Despite the Prologue of Doctor Faustus informing the reader of an eventual fall from grace, the reader is still a witness to the progression of this fall in its entirety. This heightens the awareness of the process, rather than purely serving as spectators, the audience is drawn into the play to consider and pass judgment upon the moral issues at stake.
During the course of the play, Faustus is given numerous chances to repent, to renounce the Dark Arts that he has embraced as the penultimate quest for knowledge and power. Had he taken the course of contrition as Everyman did, Faustus might not be certainly condemned to hell. Albeit that this certainty of condemnation exists more in the mind of Faustus than his peers, he nonetheless doubts the ability of man to be pardoned for his sins, claiming “The serpent that tempted Eve may be saved, but not Faustus."
Faustus essentially blames his damnation on learning, “O would I have never seen Wittenberg, never read book,” though the characters of the Good Angel, the Scholars, and the Old Man have advised him that with penance, renunciation, and contrition there is still a chance for clemency. “Remember God’s mercies are infinite,” says a Scholar, yet Faustus takes no heed, unwilling to the last to humble himself, and ready to cast blame outside of himself rather than to take the responsibility of himself as an imperfect vessel, a sinner, as Everyman has done.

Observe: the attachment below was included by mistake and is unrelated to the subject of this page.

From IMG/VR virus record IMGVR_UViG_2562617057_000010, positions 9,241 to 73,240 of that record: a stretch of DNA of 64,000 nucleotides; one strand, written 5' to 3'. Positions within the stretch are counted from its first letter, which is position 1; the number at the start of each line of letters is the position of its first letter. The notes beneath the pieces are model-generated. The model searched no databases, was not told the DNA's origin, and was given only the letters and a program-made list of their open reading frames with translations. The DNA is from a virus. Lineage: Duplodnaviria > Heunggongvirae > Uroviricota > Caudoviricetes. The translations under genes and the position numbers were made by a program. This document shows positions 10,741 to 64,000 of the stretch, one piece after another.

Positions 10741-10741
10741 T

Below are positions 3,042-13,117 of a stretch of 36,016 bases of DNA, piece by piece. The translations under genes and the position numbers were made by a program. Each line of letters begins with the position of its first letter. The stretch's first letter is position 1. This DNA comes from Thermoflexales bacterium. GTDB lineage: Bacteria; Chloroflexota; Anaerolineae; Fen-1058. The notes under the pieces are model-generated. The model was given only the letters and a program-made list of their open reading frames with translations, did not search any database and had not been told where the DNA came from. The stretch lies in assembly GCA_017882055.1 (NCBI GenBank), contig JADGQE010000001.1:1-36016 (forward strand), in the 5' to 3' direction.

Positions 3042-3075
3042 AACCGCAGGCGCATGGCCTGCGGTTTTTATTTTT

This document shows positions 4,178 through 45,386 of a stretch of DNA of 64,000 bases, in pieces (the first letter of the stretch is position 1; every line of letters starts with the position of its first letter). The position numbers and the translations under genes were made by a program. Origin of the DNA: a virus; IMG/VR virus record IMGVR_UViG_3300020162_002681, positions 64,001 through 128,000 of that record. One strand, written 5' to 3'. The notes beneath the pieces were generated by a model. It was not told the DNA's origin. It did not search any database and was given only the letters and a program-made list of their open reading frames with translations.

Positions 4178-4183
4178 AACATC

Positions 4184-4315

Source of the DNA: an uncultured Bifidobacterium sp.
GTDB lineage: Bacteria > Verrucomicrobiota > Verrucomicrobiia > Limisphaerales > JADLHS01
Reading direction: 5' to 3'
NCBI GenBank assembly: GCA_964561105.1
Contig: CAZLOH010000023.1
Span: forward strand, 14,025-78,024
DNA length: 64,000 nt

Day of Reckoning
Despite the fact that Faustus’ friends are willing to advise him and to pray for him, they abandon him in the end. Says one Scholar to another “Tempt not God, sweet friend, but let us into the next room and there pray for him." This is no different from the way that Everyman is deserted, and left to face Death alone. Both plays epitomize the philosophy of the times, as they boldly proclaim that each man must ultimately meet his day of reckoning and judgment alone.